(sb-alien:alien-funcall callp 7 12)
 
(loop for i from 0 below 18 collect (sb-alien:deref ptr i))
 
(sb-alien:free-alien pointer)
 
;;;;;;;;;;;;;;;;;;;;;;;;;;;;;;;;;;;;;;;;;;;;
;;CLISP
(defparameter mmap (list 139 68 36 4 3 68 36 8 195))
 
(defparameter POINTER (FFI:FOREIGN-ADDRESS (FFI:FOREIGN-ALLOCATE 'FFI:UINT8 :COUNT 9)))
 
(loop for i in mmap
for j from 0 do
(FUNCALL #'(SETF FFI:MEMORY-AS) i POINTER 'FFI:INT j))
 
(FUNCALL
(FFI:FOREIGN-FUNCTION POINTER
(LOAD-TIME-VALUE
(FFI:PARSE-C-TYPE
'(FFI:C-FUNCTION (:ARGUMENTS 'FFI:INT 'FFI:INT) (:RETURN-TYPE FFI:INT) (:LANGUAGE :STDC)))))
7 12)
 
(FFI:FOREIGN-FREE POINTER)
 

D[edit]

In D you usually use a nicer asm {} statement for similar purposes.

Generally new operating systems forbid execution of any address unless it's known to contain executable code. This is a basic version that unlike the C entry executes from array memory. This may crash on some operating systems.

int test(in int a, in int b) pure nothrow @nogc {
/*
mov EAX, [ESP+4]
add EAX, [ESP+8]
ret
*/

immutable ubyte[9] code = [0x8B, 0x44, 0x24, 0x4, 0x3, 0x44, 0x24, 0x8, 0xC3];
alias F = extern(C) int function(int, int) pure nothrow @nogc;
immutable f = cast(F)code.ptr;
return f(a, b); // Run code.
}
 
void main() {
import std.stdio;
 
test(7, 12).writeln;
}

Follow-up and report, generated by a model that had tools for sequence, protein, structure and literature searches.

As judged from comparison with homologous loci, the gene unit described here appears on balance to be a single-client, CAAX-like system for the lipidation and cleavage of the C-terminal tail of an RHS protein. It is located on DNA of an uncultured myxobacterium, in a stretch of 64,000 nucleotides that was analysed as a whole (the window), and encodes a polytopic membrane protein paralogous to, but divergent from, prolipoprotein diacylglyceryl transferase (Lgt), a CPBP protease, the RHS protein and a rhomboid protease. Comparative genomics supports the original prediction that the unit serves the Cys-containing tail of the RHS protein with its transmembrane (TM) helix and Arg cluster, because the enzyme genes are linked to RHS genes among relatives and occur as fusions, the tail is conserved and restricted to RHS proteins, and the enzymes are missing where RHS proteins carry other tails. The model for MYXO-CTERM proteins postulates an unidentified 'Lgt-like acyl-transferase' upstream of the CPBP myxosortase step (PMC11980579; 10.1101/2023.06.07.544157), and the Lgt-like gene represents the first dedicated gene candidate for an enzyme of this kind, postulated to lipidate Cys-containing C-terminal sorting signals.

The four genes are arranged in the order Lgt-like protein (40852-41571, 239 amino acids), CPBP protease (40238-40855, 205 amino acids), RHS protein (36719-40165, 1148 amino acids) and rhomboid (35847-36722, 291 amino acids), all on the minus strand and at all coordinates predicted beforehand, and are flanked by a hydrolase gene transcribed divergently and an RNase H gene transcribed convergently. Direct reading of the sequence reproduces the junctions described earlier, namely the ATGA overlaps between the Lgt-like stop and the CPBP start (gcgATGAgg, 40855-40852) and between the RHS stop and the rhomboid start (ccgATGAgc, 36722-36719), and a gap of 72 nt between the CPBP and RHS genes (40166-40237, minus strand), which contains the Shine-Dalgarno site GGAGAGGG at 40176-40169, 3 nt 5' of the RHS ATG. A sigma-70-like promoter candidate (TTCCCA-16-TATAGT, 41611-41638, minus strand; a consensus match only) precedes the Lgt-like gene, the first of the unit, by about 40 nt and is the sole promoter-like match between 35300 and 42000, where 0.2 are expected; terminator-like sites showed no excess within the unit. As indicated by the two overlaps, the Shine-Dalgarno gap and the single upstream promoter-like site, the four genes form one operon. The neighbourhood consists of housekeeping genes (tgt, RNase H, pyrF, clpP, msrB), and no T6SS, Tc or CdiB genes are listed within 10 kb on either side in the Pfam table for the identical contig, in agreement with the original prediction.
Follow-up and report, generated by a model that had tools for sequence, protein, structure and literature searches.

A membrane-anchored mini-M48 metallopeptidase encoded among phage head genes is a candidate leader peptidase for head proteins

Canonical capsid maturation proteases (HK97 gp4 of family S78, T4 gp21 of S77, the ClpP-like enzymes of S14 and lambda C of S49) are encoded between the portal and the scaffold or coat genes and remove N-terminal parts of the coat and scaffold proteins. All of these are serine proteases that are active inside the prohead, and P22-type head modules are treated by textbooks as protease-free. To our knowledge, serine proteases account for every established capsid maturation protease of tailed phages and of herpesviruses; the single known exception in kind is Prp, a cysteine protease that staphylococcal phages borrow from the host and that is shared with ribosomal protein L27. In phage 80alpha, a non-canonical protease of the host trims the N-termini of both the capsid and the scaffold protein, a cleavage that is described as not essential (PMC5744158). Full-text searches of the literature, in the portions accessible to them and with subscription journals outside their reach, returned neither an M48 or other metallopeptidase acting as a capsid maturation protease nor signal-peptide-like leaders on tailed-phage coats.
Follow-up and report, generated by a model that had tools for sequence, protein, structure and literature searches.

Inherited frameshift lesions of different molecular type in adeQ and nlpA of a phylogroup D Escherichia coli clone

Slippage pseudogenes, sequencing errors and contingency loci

Output:
 19

Nim[edit]

Translation of: C
import posix
 
when defined(macosx) or defined(bsd):
const MAP_ANONYMOUS = 0x1000
elif defined(solaris):
const MAP_ANONYMOUS = 0x100
else:
var
MAP_ANONYMOUS {.importc: "MAP_ANONYMOUS", header: "<sys/mman.h>".}: cint
 
proc test(a, b: cint): cint =
# mov EAX, [ESP+4]
# add EAX, [ESP+8]
var code = [0x8B'u8, 0x44, 0x24, 0x4, 0x3, 0x44, 0x24, 0x8, 0xC3]
 
# create executable buffer
var buf = mmap(nil, sizeof(code), PROT_READ or PROT_WRITE or PROT_EXEC,
MAP_PRIVATE or MAP_ANONYMOUS, -1, 0)
 
# copy code to buffer
copyMem(addr buf, addr code[0], sizeof(code))
 
# run code
{.emit: "`result` = ((int (*) (int, int))&`buf`)(`a`,`b`);".}
 
# free buffer
discard munmap(buf, sizeof(code))
 
echo test(7, 12)

PARI/GP[edit]

GP can't peek and poke into memory, but PARI can add in those capabilities via C.

Translation of: C
#include <stdio.h>
#include <sys/mman.h>
#include <string.h>
#include <pari/pari.h>
 
int
test(int a, int b)
{
char code[] = {0x8B, 0x44, 0x24, 0x4, 0x3, 0x44, 0x24, 0x8, 0xC3};
void *buf;
int c;
/* copy code to executable buffer */
buf = mmap (0,sizeof(code),PROT_READ|PROT_WRITE|PROT_EXEC,
MAP_PRIVATE|MAP_ANON,-1,0);
 
memcpy (buf, code, sizeof(code));
/* run code */
c = ((int (*) (int, int))buf)(a, b);
/* free buffer */
munmap (buf, sizeof(code));
return c;
}
 
void
init_auto(void)
{
pari_printf("%d\n", test(7,12));
return 0;
}

Pascal[edit]

Tested under Linux with Freepascal 2.6.4-32BIt ( like the Code used ) cdecl doesn't work in Freepascal under Linux 64-bit

Program Example66;
{Inspired... program to demonstrate the MMap function. Freepascal docs }
Uses
BaseUnix,Unix;
 
const
code : array[0..9] of byte = ($8B, $44, $24, $4, $3, $44, $24, $8, $C3, $00);
a :longInt= 12;
b :longInt= 7;
type
tDummyFunc = function(a,b:LongInt):LongInt;cdecl;
Var
Len,k : cint;
P : Pointer;
 
begin
len := sizeof(code);
P:= fpmmap(nil,
len+1 ,
PROT_READ OR PROT_WRITE OR PROT_EXEC,
MAP_ANONYMOUS OR MAP_PRIVATE,
-1, // for MAP_ANONYMOUS
0);
If P = Pointer(-1) then
Halt(4);
 
for k := 0 to len-1 do
pChar(p)[k] := char(code[k]);